Very disheartening to see Dr Cummings reply to your post. Is this what we can expect from CAM doctors? An attempt to silence rather than an attempt to counter criticism? I hope not.

  5. Rita says:

    “…..THE GRAFTING OF MAN AND BEAST” – now there’s an idea with a long history……..

  6. Geneva Coats says:

    Thanks for another great article.
    I’d like to add my observation on the topic of “hormesis” or the idea that a moderate dose of something might be beneficial when a large dose of the same substance may be toxic. You just described every drug in existence. Almost every drug lists “toxic effects” which result from overdose. But of course, you can’t overdose on “nothing” which is what homeopathic “remedies” are. Hey, at least they are completely nontoxic! Ergo the reason that the FDA doesn’t bother to go after the snake oil salesmen who peddle them.
    Dr. Jordan’s nutty articles are posted regularly on TheDogPress; it sure would be great if you could write a rebuttal to her nonsense.
    http://www.thedogplace.org/VACCINES/Genetic-Impact-10073_Jordan.asp
    The rebuttal needs to POP and not ramble, which is why I haven’t been able to write something up yet. Her “genetic impact” is so bogus that I could literally write for many days dissecting it.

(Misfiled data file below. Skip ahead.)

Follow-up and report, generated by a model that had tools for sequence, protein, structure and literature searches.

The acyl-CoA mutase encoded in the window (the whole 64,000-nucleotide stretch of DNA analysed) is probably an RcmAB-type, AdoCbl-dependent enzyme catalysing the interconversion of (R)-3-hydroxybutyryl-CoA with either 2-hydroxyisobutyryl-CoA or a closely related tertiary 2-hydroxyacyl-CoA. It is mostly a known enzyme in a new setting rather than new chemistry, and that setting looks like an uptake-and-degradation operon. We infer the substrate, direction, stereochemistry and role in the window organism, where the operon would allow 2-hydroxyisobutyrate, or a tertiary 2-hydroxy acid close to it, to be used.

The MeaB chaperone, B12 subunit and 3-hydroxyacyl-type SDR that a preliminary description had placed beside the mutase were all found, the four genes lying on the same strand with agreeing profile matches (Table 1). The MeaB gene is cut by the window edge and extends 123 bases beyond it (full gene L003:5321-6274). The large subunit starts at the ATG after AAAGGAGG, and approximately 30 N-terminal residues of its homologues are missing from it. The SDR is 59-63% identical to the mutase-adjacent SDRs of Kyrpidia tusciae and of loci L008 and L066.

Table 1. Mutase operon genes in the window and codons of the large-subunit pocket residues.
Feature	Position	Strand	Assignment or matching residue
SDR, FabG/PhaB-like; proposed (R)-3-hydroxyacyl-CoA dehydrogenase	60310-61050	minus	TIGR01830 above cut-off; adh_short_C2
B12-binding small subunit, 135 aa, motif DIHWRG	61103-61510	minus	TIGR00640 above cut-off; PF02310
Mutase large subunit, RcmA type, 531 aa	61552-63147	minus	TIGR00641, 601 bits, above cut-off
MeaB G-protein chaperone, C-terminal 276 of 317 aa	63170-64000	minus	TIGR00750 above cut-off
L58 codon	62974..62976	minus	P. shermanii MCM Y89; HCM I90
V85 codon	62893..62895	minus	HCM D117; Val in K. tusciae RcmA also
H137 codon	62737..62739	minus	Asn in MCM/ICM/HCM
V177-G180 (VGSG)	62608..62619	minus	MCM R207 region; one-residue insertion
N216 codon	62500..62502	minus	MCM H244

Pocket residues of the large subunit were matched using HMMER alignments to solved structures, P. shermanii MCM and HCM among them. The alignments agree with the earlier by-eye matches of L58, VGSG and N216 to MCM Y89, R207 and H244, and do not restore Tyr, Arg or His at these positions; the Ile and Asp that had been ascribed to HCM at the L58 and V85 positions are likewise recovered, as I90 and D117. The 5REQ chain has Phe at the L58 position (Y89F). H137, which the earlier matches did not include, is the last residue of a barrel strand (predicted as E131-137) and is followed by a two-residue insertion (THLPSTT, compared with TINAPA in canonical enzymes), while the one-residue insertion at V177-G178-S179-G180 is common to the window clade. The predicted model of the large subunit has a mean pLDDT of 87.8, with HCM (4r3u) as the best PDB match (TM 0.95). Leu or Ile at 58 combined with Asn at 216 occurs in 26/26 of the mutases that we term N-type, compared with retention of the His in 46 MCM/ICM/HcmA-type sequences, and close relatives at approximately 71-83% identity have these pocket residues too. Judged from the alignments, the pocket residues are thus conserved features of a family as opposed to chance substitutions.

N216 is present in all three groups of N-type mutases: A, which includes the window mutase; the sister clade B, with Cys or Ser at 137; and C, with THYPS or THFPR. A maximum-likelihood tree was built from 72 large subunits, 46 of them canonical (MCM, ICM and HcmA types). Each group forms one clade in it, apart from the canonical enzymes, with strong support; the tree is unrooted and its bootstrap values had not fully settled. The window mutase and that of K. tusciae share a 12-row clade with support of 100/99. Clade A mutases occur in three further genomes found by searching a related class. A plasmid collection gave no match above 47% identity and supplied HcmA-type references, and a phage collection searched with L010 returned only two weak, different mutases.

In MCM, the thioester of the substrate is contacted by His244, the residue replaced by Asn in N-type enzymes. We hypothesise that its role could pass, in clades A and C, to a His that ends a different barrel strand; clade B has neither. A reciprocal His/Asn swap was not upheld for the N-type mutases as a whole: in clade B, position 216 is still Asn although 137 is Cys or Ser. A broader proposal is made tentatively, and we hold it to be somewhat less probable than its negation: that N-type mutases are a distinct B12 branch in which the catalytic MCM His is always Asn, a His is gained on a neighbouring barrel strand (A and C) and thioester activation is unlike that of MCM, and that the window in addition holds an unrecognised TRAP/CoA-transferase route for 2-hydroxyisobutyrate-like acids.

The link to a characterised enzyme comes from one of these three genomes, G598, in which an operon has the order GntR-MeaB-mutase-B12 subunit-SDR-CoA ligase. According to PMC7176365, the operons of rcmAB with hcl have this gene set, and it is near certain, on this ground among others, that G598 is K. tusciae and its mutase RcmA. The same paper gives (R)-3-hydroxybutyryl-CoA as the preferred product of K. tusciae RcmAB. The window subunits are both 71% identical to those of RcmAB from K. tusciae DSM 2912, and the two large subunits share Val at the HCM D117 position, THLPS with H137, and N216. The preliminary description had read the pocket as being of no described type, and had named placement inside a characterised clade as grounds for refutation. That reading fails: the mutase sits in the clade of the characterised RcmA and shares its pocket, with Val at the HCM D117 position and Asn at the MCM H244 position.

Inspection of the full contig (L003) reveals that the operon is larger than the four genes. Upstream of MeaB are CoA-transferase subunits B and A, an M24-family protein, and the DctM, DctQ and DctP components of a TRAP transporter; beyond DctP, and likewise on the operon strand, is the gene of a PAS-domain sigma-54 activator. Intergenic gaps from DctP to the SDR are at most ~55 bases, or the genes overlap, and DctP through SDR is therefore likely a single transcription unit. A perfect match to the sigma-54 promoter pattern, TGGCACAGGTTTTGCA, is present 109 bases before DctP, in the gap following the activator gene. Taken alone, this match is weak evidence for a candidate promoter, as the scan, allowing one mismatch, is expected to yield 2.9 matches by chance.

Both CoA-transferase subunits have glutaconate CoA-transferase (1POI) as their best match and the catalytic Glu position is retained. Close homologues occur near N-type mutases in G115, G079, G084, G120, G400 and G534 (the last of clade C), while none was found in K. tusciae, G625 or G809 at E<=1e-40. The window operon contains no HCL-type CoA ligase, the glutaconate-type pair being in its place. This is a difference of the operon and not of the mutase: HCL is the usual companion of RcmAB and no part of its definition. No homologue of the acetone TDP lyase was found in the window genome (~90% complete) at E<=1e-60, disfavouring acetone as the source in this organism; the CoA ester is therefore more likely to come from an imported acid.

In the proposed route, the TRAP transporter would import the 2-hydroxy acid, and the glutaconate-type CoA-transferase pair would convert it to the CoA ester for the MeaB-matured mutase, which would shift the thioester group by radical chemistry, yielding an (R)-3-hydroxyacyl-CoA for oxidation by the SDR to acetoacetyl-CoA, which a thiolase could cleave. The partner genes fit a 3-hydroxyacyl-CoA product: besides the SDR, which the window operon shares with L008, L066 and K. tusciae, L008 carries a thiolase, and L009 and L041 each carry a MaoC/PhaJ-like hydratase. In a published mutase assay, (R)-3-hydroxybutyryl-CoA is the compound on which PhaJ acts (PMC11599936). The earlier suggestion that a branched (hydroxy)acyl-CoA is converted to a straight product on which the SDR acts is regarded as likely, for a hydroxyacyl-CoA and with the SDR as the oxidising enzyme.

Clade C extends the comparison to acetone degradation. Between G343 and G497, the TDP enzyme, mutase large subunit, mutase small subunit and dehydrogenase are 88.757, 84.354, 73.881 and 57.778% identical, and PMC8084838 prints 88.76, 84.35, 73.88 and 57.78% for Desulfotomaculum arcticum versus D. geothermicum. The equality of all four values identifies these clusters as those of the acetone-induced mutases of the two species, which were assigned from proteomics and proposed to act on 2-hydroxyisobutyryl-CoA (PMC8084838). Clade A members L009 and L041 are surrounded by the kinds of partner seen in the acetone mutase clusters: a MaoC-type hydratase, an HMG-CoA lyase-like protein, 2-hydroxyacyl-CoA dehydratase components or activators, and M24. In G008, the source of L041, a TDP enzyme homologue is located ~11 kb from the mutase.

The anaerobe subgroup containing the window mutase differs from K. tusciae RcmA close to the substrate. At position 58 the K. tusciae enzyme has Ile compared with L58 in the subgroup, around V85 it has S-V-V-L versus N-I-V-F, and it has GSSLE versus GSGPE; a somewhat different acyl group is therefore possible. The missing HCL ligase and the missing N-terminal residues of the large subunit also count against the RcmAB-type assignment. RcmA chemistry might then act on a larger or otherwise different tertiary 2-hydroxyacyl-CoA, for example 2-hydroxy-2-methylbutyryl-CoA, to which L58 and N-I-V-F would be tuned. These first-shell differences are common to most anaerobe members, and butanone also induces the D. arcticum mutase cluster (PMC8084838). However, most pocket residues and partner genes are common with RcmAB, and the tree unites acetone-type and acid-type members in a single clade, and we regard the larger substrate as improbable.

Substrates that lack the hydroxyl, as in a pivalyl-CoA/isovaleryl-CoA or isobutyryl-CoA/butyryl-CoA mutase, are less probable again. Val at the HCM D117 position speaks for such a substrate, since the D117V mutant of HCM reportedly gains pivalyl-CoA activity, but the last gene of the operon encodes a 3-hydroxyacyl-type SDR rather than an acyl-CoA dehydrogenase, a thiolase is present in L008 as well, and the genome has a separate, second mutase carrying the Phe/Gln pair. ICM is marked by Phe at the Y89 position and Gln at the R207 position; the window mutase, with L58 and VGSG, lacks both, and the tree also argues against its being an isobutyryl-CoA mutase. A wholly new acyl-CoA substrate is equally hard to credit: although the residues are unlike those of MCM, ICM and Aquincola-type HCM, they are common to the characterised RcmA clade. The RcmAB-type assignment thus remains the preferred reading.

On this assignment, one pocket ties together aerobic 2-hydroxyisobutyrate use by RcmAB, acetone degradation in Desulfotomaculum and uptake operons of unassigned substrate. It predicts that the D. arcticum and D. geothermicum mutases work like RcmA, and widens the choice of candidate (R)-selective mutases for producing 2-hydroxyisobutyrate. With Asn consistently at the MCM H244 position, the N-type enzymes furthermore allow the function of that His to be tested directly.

Wanna take a crack at it? I am a regular contributor to TheDogPress and I could probably persuade the editor to publish something that’s pithy.
    Thanks again.

  7. phayes says:

    “Another great posting!”

    +1

    Speaking of copyright… 😉 Chapter 5 (Queer Uses For Probability Theory) of Jaynes’ book has a fuller/clearer explanation of the reasoning behind the contention* in my comment in your homeopathy for mastititis in dairy cows article: http://www-biba.inrialpes.fr/Jaynes/prob.html

    *That homeopathy CTs are futile pseudoscience which can’t establish that it works anyway.

  8. v.t. says:

    GREAT article, skeptvet!

    Now, what about the ethical and moral boundaries that are omitted (or dismissed by homeopaths)? I’ve said it before and I’ll say it a hundred times more, there is nothing more criminal and fraudulent that prescribing nonsense for animals who cannot say they continue to hurt, feel pain, progress into worsening health.

    Homeopaths aren’t practicing for the benefit of healing animals – any homeopath who claims otherwise is a liar and a fraud. They have a moral obligation to prove it’s efficacy in animals through scientific methods, otherwise they are doing nothing more than using animals as lab rats and furthering their quack agenda. It’s easy to deceive a gullible human (the client), it’s unconscionable applying it to animals.

  9. Nancy Malik says:

    190 studies in support of homeopathy medicine published in 82 peer-reviewed international medical journals out of which 96+ are FULL TEXT out of which 95 are PDF which can be downloaded at http://bit.ly/gFJIbg